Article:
Contact with your child & their other parent

Last updated: 30/01/2020

When your child’s other parent has parental responsibilities and rights, they should be included in any decision made about your child.

If your child’s other parent does not have parental responsibilities and rights when you separate you do not legally have to consider them when making decisions although it is usually better if your ex-partner can remain involved and included in decisions about your child.

Research shows that children benefit from seeing both parents but there are few families who can manage to share the care of their children equally. Usually the children live with one parent and spend less time with the other. The parent the children live with is usually called the parent with care. The parent the children spend the least time with is usually called the parent with contact.

When parents are able to talk to each other after separation it makes this arrangement easier. There are a few things that you can do to help this:

  • Discuss holidays, special dates and occasions in advance. Maybe take turn around having the children during school holidays.
  • If you are unable to go to parents’ evenings together maybe take turns about at that too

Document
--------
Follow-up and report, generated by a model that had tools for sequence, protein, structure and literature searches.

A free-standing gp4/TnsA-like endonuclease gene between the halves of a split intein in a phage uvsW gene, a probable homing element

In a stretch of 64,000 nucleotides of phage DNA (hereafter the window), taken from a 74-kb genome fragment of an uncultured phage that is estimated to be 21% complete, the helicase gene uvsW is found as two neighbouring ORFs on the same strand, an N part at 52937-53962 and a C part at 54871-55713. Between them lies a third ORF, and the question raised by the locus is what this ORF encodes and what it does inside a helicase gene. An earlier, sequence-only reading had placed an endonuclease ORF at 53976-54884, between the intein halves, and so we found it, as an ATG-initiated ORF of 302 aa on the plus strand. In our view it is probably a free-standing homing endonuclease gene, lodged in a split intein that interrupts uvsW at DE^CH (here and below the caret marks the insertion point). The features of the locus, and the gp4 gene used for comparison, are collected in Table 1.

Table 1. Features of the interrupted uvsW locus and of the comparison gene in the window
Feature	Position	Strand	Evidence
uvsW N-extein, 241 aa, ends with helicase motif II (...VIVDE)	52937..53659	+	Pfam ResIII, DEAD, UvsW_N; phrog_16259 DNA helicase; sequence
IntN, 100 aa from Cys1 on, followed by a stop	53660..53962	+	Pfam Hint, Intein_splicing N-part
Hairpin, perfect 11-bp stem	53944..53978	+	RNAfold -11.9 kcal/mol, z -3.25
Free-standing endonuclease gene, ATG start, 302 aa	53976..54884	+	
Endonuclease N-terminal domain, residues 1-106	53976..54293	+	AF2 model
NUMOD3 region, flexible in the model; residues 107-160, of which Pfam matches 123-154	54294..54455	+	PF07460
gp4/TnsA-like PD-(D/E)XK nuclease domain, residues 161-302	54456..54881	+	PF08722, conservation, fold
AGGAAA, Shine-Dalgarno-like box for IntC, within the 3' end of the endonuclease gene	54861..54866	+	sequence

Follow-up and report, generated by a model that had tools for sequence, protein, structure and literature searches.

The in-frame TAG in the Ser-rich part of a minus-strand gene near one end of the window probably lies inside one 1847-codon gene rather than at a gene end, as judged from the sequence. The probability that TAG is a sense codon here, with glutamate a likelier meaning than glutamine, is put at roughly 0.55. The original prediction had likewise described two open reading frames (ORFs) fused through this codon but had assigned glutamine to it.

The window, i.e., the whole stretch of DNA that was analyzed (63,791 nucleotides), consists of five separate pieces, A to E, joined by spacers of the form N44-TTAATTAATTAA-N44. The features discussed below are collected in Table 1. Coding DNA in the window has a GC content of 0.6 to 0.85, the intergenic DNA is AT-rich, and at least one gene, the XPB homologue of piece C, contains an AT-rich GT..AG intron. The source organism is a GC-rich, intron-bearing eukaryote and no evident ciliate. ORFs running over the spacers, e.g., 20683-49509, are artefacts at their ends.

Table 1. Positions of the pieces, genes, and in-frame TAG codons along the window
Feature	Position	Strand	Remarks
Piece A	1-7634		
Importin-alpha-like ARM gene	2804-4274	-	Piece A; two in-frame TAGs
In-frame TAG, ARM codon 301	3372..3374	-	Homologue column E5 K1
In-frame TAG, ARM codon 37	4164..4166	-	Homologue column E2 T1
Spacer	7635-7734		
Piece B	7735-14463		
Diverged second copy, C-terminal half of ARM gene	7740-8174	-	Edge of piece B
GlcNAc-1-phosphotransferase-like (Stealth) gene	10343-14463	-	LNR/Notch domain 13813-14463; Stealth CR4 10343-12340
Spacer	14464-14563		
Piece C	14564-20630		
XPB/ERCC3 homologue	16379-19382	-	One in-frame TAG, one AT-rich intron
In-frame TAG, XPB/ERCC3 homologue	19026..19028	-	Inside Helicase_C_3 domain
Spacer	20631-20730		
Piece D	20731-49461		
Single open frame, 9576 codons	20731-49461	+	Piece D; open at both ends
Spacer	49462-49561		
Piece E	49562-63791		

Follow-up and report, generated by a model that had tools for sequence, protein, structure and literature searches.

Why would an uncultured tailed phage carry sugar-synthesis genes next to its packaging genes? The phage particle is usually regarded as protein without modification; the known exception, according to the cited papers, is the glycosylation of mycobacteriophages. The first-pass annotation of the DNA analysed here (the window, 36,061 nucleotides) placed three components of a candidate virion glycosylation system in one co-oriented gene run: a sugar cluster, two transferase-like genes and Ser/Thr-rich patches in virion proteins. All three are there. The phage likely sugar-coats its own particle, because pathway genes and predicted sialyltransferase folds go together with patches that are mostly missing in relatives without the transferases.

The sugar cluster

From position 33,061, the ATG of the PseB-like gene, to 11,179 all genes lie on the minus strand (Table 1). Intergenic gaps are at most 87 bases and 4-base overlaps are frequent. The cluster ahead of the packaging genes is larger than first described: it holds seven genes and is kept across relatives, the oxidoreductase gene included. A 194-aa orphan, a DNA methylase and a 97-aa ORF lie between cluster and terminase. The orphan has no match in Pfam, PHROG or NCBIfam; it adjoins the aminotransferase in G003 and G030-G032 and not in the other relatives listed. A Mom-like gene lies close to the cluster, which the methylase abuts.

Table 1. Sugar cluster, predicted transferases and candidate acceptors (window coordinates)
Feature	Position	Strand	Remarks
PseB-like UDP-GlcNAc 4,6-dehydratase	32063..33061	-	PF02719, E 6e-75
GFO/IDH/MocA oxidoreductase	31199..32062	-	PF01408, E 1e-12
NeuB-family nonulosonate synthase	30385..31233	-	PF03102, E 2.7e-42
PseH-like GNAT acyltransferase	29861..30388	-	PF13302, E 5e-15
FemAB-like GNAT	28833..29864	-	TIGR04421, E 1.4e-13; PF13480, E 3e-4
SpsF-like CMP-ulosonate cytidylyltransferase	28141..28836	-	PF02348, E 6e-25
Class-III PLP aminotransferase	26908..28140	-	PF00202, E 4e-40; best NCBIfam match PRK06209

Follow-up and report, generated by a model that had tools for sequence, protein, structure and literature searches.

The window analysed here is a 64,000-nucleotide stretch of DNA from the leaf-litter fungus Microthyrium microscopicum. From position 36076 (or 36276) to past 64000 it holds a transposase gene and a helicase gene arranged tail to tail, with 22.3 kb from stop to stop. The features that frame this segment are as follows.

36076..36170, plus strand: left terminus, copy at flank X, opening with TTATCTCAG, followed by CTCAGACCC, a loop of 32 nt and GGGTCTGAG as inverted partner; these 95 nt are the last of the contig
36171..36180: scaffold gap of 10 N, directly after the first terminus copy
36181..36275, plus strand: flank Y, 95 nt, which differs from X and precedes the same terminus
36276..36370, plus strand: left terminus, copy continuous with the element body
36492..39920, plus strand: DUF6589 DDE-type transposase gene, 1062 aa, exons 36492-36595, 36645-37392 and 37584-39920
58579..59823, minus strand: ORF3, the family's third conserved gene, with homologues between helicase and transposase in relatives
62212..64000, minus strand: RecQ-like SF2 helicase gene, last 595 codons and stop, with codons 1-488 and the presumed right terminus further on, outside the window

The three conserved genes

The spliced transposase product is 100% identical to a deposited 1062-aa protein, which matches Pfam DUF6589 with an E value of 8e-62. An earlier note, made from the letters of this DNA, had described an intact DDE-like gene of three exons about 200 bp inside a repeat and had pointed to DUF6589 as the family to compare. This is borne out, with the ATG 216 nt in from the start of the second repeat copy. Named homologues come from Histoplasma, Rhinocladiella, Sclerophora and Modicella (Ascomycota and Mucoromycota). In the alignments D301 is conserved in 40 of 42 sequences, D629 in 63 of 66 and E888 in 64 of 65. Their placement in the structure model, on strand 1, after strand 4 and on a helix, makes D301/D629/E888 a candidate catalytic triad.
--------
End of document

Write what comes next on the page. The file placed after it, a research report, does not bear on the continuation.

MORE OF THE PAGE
• Share information from the school and doctor so you both feel involved
  • You may be able to involve the children in how you share their care with your ex-partner but avoid asking them to take sides or settle arguments.
  • Remember that you are doing this for your children
  • Complete a parenting plan that helps you plan how you and your ex-partner share care

 

Using a parenting plan to sort out care and contact

The Scottish Government has produced a Parenting Agreement for Scotland. It contains a guide to help you think through the issues that are important for your family, two copies of the Agreement so that you can both keep a copy of what you have agreed and a Charter for Grandchildren – a reminder of the important role grandparents and the wider family can play in a child’s life. These documents will help both parents to discuss and agree on the future arrangements for your children. The Agreement is not legally binding but can go a long way in helping you and your ex-partner to agree on a plan that is best for your children.

Copies of the documents are available from:

It is not always easy to make arrangements about your children with your ex-partner but putting time and effort into doing this informally will be less costly and stressful than using more formal options.